(To translate for non-Hindi speakers, “teachers…unions…what nonsense is this, my friend?)
Terrible translation, but you get the gist. Those who have spent any time in Delhi University will immediately recognise the picture I paint now…imagine a long-haired, loose-jeaned youth of about twenty, casually lounging against a wall, sipping a banta (lemon soda) and occasionally scanning the horizon for that pretty girl from his business studies class…his friends will agree, “teacher-veacher union-shunion, kya bakwas hai yaar?” These are serious students lets assume, with dreams of MBAs post-graduation and eight-figure salaries. One of them might then say, “Mittal sir, he is the best, yaar; he never goes on strike, and his notes got us first divisions.”
I mean lets face it; as stereotypes of the teaching profession immortalised on screen we have the hot teacher (Main Hoon Na, and millions of others – usually involves a seemingly prim woman suddenly taking her glasses off, and shaking her bun open in slow motion), the radical teacher who inspires his students to question the system (Dead Poet’s Society), the truly inspiring teacher who turns students’ lives around (To Sir With Love) and the cool teacher, who is the students’ best friend (too many to recount). But the teacher who is an employee, joins a union and goes on strike??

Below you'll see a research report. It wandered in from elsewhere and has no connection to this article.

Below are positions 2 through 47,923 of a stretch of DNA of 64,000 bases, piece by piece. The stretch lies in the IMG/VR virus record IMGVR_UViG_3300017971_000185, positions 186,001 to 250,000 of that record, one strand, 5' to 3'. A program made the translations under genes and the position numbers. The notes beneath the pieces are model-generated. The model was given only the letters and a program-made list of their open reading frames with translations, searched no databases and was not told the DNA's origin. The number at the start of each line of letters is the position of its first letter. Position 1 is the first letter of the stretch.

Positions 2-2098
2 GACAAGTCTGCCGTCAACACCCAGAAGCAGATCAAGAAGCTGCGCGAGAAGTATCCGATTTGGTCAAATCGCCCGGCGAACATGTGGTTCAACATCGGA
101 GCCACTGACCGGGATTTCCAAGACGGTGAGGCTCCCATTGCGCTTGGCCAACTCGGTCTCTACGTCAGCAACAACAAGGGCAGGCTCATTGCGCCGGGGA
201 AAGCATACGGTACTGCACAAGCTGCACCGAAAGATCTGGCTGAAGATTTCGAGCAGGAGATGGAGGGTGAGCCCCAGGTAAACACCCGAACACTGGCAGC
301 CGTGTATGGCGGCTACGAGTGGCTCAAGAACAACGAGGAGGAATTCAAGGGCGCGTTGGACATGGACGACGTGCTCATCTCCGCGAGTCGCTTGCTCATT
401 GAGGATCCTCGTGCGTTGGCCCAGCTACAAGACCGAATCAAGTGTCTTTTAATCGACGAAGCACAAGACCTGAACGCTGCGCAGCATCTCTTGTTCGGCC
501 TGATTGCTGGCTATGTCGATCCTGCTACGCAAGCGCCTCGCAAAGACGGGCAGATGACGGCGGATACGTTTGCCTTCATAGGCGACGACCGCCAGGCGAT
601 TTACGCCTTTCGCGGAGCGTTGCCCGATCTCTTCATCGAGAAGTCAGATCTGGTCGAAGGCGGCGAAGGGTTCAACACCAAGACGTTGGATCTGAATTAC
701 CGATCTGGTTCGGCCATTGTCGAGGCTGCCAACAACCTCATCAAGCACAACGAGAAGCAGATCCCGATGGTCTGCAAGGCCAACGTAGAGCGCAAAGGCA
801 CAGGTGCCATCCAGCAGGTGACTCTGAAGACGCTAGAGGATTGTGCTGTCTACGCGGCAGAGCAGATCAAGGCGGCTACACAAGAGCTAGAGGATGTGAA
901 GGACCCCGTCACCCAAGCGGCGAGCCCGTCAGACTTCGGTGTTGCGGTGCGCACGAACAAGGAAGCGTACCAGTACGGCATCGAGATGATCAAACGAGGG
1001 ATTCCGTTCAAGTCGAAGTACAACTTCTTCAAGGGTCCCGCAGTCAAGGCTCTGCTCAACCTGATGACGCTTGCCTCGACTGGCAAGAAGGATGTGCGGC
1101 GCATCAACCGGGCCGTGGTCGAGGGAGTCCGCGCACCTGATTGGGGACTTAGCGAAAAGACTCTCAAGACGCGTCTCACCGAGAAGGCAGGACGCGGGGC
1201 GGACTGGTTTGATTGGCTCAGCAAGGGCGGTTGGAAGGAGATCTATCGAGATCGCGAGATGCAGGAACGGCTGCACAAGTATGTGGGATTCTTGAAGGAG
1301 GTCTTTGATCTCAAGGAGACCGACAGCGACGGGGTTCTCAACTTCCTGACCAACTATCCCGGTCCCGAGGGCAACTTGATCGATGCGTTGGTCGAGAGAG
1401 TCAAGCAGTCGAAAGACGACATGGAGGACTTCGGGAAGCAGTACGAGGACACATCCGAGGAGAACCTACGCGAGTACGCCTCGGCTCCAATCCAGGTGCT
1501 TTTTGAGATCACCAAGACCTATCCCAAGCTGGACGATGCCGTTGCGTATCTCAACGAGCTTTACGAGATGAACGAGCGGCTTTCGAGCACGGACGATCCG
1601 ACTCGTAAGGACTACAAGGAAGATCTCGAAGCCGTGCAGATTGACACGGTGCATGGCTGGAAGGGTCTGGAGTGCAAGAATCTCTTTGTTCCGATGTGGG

I remember my first strike as a college lecturer about six years ago; it was my first year as a lecturer, and I joined hundreds of teachers from Delhi University on the road outside Jantar Mantar (official site of political protests in Delhi)…caught up in the unique thrill that comes with being able to publicly stand up for something you believe is right, I didn’t notice a large bunch of news reporters boredly but determinedly clicking away with their zoom lensed cameras. There I was with my colleagues, splashed all over the newspapers the next day, sweaty-faced, my expression declaring war and my fist raised in solidarity with other teachers. I should have felt proud; instead I felt caught. Red-handed. It reminded me of the time when I was in school and had ridden in the boot of a Maruti 800 with four friends, the door of the boot wide open above our heads, our legs swinging out over the back bumper, the breeze on our faces…exhilaration. The next day there was a photo of my friends and me in the front page of The Hindu supplement with the caption, “Alarming Lack of Safety on City Roads: Schoolchildren on a Joyride”.
My parents weren’t pleased then, when I was 13; I suspect they had the exact same reaction this time around. They may have even gone on a round of anguished self-questioning, of the ‘where did we go wrong?!’ variety. To be fair to them, as far as they were concerned, this was evolutionary regression. My grandfather had run away from home, fleeing his tiny village to reach the city, living on the streets and putting himself through college. He made it finally as a draughtsman in the British government; and married his only daughter off to an English-educated army officer. My parents in turn sacrificed the best years of their marriage to the cause of a decent education for their two daughters, living apart so we could attend public schools in bigger cities.